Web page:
On Monday, the American Academy of Pediatrics expressed its grief and condolences following the horrific Las Vegas massacre the evening before. For the AAP, it wasn’t too soon to reiterate its long-standing policy commitment to a difficult and pervasive public health problem:
“The American Academy of Pediatrics advocates for strong state and federal gun laws that protect children in every state of the nation. Despite the fact that these types of events have become all too common in our daily lives, we must not grow complacent in our reaction to them, and instead renew our resolve to stop them from occurring again and again.
“Finally, we know graphic images and descriptions of violence can be upsetting to children. Parents of young children are urged to avoid constant media coverage of the massacre.
Not that long ago, we talked about what kids see and hear during times of national tragedy, and noted that in trying to make heads or tails of bad news, the kids are watching us:
Children today have so many avenues from which to choose to communicate, to get informed, and to be entertained. Even for those whose media habits are well-supervised or whose bubbles are made practically impenetrable by their “helicopter parents,” our children are exposed to sounds and images — words and deeds — that are ugly, unkind, hurtful, and, all too often, obscene. Just in this past week, the cacophony of sounds and images coming in over the airwaves, the interwebs, social media, and in regular social conversation has been (and, truth be told, should be) disturbing. Exposure to many of these sounds and images in children may be unavoidable, especially in homes where there may be a media device or two in every room. And remember that children have social lives; they talk to each other and sometimes even show each other things that parents might not have a clue of.
The AAP reminds us that parents and grandparents, teachers, child care providers, and others who spend time with children need to be sensitive to children of all ages:
No matter what age or developmental stage the child is, parents can start by asking a child what they’ve already heard. Most children will have heard something, no matter how old they are. After you ask them what they’ve heard, ask what questions they have.
Older children, teens, and young adults might ask more questions and may request and benefit more from additional information. But no matter what age the child is, it’s best to keep the dialogue straightforward and direct.
It’s also important to keep tabs on the types and content of media children are consuming, and filter (or avoid altogether) graphic images and sounds:
In general, it is best to share basic information with children, not graphic details, or unnecessary details about tragic circumstances. Children and adults alike want to be able to understand enough so they know what’s going on. Graphic information and images should be avoided.
Keep young children away from repetitive graphic images and sounds that may appear on television, radio, social media, computers, etc.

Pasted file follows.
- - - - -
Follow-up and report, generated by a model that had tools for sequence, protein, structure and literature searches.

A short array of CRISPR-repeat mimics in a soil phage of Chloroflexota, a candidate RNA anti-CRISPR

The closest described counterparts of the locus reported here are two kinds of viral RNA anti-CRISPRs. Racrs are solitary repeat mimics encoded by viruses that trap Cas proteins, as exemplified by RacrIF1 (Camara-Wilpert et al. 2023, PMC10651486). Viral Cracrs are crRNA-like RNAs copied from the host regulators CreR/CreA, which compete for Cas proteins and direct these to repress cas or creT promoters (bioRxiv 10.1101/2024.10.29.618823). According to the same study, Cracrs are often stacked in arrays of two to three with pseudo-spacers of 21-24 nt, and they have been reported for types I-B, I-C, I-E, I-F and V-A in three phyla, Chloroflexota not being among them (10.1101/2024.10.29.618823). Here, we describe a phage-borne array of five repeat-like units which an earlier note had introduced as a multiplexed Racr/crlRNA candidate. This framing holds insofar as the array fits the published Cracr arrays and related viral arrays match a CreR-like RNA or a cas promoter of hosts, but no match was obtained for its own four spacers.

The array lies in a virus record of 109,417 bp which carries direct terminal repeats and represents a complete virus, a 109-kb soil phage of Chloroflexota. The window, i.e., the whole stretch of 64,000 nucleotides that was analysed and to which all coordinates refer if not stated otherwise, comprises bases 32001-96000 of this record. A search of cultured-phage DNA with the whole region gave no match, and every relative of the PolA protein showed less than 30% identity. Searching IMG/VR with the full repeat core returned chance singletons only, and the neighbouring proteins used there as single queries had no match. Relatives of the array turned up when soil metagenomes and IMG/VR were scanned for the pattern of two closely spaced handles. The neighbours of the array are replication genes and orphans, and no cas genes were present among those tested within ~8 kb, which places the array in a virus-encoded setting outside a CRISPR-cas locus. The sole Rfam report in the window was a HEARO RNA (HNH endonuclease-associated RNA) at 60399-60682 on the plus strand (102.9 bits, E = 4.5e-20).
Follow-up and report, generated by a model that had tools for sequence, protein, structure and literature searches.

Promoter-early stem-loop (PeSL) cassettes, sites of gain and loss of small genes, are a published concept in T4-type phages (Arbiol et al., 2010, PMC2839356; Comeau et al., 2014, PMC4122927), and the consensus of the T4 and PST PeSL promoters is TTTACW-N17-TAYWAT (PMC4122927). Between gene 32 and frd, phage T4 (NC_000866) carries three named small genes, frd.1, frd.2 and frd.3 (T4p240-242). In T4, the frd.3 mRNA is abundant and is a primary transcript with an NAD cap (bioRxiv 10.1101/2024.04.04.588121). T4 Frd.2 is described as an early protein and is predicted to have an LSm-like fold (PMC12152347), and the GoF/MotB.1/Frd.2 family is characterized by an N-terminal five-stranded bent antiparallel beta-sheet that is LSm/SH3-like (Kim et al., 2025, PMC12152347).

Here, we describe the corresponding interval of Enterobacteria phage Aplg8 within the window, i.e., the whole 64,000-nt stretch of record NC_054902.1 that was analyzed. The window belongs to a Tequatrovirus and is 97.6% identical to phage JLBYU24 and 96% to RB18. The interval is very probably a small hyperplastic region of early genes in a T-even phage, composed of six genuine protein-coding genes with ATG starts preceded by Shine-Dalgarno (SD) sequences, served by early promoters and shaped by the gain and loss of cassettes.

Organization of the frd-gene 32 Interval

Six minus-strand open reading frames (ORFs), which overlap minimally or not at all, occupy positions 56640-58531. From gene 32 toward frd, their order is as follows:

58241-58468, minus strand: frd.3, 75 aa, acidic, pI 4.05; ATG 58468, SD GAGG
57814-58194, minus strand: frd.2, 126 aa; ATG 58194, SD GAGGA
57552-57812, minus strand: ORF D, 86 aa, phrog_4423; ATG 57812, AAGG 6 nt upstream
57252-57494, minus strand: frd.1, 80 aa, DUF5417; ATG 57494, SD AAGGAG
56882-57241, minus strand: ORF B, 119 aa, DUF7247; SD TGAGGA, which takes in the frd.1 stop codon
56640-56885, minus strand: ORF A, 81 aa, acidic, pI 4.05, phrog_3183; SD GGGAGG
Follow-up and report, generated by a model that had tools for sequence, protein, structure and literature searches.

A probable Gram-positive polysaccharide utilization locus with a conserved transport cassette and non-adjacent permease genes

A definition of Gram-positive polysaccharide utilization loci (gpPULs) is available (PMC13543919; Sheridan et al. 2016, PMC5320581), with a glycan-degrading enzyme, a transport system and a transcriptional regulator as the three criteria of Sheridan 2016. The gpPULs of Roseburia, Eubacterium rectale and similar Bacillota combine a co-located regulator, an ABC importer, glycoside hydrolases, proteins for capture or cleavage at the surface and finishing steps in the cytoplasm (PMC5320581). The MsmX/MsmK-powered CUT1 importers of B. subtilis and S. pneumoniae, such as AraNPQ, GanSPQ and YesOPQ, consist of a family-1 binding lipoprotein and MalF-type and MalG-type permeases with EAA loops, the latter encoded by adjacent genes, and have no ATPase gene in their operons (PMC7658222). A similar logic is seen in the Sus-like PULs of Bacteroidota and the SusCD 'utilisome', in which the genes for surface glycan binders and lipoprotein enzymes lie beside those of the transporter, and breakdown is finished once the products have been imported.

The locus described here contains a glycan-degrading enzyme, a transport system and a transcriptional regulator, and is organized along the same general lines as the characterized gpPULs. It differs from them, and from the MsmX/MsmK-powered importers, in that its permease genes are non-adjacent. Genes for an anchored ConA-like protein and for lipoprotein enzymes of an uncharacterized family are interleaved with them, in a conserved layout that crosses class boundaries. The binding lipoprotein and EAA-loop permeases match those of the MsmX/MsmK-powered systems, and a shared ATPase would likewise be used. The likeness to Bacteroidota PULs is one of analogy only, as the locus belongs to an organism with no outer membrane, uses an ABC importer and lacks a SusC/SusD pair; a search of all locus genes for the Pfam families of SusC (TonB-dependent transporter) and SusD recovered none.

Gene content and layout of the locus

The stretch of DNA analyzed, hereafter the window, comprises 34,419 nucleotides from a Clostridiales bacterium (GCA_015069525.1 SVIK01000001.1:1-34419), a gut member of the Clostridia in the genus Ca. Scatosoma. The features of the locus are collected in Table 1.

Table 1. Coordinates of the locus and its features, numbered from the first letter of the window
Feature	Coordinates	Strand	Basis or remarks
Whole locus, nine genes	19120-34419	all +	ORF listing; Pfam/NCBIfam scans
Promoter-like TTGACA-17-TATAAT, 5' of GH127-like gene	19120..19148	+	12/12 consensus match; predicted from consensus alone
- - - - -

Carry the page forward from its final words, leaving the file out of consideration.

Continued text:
With older children, if you do want them to watch the news, record it ahead of time. That allows you to preview it and evaluate its contents before you sit down with them to watch it. Then, as you watch it with them, you can stop, pause, and have a discussion when you need to.
Children will generally follow good advice, but you have to give them some latitude to make decisions about what they’re ready for. You can block them from seeing the newspaper that comes to the door, for example, but not the one on the newsstand. Today, most older children will have access to the news and graphic images through social media and other applications right from their cell phone. You need to be aware of what’s out there and take steps in advance to talk to children about what they might hear or see.
Signs that your child might not be coping well with bad news include:
- Sleep problems: Watch for trouble falling asleep or staying asleep, difficulty waking, nightmares, or other sleep disturbances.
- Physical complaints: Children may complain of feeling tired, having a headache, or generally feeling unwell. You may notice your child eating too much or less than usual.
- Changes in behavior: Look for signs of regressive behavior, including social regression, acting more immature, or becoming less patient and more demanding. A child who once separated easily from her parents may become clingy. Teens may begin or change current patterns of tobacco, alcohol, or substance use.
- Emotional problems: Children may experience undue sadness, depression, anxiety, or fears.
These are tough times for all of us right now. It seems like a barrage of very bad news from real events (not “fake news” coming from dubious sources, or scaremongering coming from the usual suspects) is coming at us every day, delivered directly to our inbox, newsfeed, newspaper, and nightly news report. We need to demonstrate to our children that we are not helpless in solving the major problems of our day. They need to learn their history and embrace the legacy into which they have been born: We have fallen, but we can get up. We are Americans — we’ve got this.